The ability to vote, military service, and the need to serve on a jury are some of the civic responsibilities that correlate closely with age.
Pre-work, work and post-work times also contribute to the age structure. Western cultures now see the onset of old age at 60 or 65 associated with receiving a pension upon retirement. However, with the continued increase in life expectancy, other signs of aging are possible and more likely. Retirement at age 70, for example, would establish a new threshold for the onset of 'old age' due to efforts to prolong working life.
circle of family and friends
Understanding many facets of elderly people's lives still depends a lot on their social networks, centered on their family and friends. Most seniors are part of family networks that offer different types of support. Peer relationships, especially friendships, have been shown to be essential for well-being in old age. The research also highlighted the importance of having a confidant or "special connection" to deal with difficulties and stress later in life.
Data suggest that friends are becoming more important in older people's lives. Friends will be crucial to maintaining morale and self-identity in the early stages of retirement and well into old age.
The loss of close friends can create serious adjustment problems and threaten the sense of personal integrity for many seniors who struggle with reduced incomes and deteriorating health.
age stratification theory
However, in the 1970s, concerns began to arise about the emphasis on the individual level of theories of aging and their inability to address the impact of social and economic problems on the lives of the elderly. An early example of this was Riley's "Age Stratification Theory", which examined how social institutions affected the aging of individuals and how age was stratified in society.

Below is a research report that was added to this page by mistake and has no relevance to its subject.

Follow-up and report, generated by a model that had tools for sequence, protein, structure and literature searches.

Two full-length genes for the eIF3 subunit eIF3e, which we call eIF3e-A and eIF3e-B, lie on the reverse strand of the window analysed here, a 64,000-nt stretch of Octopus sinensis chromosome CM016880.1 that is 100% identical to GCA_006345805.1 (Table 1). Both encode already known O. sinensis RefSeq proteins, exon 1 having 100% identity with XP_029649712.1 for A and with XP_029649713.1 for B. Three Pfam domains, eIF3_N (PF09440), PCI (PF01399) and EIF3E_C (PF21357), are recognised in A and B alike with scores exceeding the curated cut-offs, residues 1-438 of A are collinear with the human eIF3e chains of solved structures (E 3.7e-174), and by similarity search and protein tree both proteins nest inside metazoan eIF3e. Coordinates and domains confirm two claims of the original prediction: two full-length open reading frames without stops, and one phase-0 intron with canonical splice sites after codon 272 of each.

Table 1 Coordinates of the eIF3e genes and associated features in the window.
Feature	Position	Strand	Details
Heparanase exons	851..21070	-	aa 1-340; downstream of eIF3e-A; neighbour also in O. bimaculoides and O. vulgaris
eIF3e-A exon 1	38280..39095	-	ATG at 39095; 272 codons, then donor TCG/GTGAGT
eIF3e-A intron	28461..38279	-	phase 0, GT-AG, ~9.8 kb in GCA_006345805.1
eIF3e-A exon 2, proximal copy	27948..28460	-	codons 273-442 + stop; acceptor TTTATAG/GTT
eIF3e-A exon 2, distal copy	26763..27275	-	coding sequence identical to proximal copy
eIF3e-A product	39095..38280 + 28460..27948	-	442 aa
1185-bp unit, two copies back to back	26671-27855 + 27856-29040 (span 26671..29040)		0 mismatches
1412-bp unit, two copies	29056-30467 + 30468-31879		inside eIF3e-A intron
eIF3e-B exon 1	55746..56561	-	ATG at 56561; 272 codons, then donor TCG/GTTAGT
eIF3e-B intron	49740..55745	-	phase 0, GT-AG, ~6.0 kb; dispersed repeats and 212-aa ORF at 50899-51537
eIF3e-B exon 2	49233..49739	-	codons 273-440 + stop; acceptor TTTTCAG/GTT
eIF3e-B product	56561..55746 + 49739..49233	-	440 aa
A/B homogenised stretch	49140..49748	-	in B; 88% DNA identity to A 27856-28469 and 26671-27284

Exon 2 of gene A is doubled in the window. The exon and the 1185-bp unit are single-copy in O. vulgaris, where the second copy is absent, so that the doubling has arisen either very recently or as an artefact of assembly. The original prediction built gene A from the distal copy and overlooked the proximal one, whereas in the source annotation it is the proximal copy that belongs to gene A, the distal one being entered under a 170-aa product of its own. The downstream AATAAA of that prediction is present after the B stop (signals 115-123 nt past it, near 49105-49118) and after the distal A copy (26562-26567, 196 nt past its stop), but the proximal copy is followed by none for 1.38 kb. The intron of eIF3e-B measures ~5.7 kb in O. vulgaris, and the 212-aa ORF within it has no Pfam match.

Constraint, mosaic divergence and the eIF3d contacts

One aspect of this theory is the idea of "structural lag", which refers to social institutions such as B. Laws requiring retirement at age 65, delaying changes in population dynamics and individualistic aspects, for example. B. the increase in life expectancy. As a result of the idea, human resources are underutilized in both older and younger age groups, and middle-aged groups are overburdened with care and other responsibilities.
Age from a functionalist perspective in sociology.
Various sociological theories, including functionalist, symbolic-interactionist, and neo-Marxist approaches, have examined aging processes and experiences.
Role theory, a functionalist approach to the study of aging developed in the early 1950s, focused on the effects of the loss of work relationships, which were thought to lead to a post-retirement adjustment crisis.
Another functionalist point of view that took the opposite stance, "disengagement theory," was developed by Elaine Cumming and William Henry in the late 1950s. It suggested that falling away from traditional social commitments was a normal part of aging. From this perspective, old age is the separation from society and the elderly, men retire and women become widows.
Several social psychological theories of aging, such as Robert Atchley's "continuity theory" and notions of "successful aging", were inspired by "activity theory".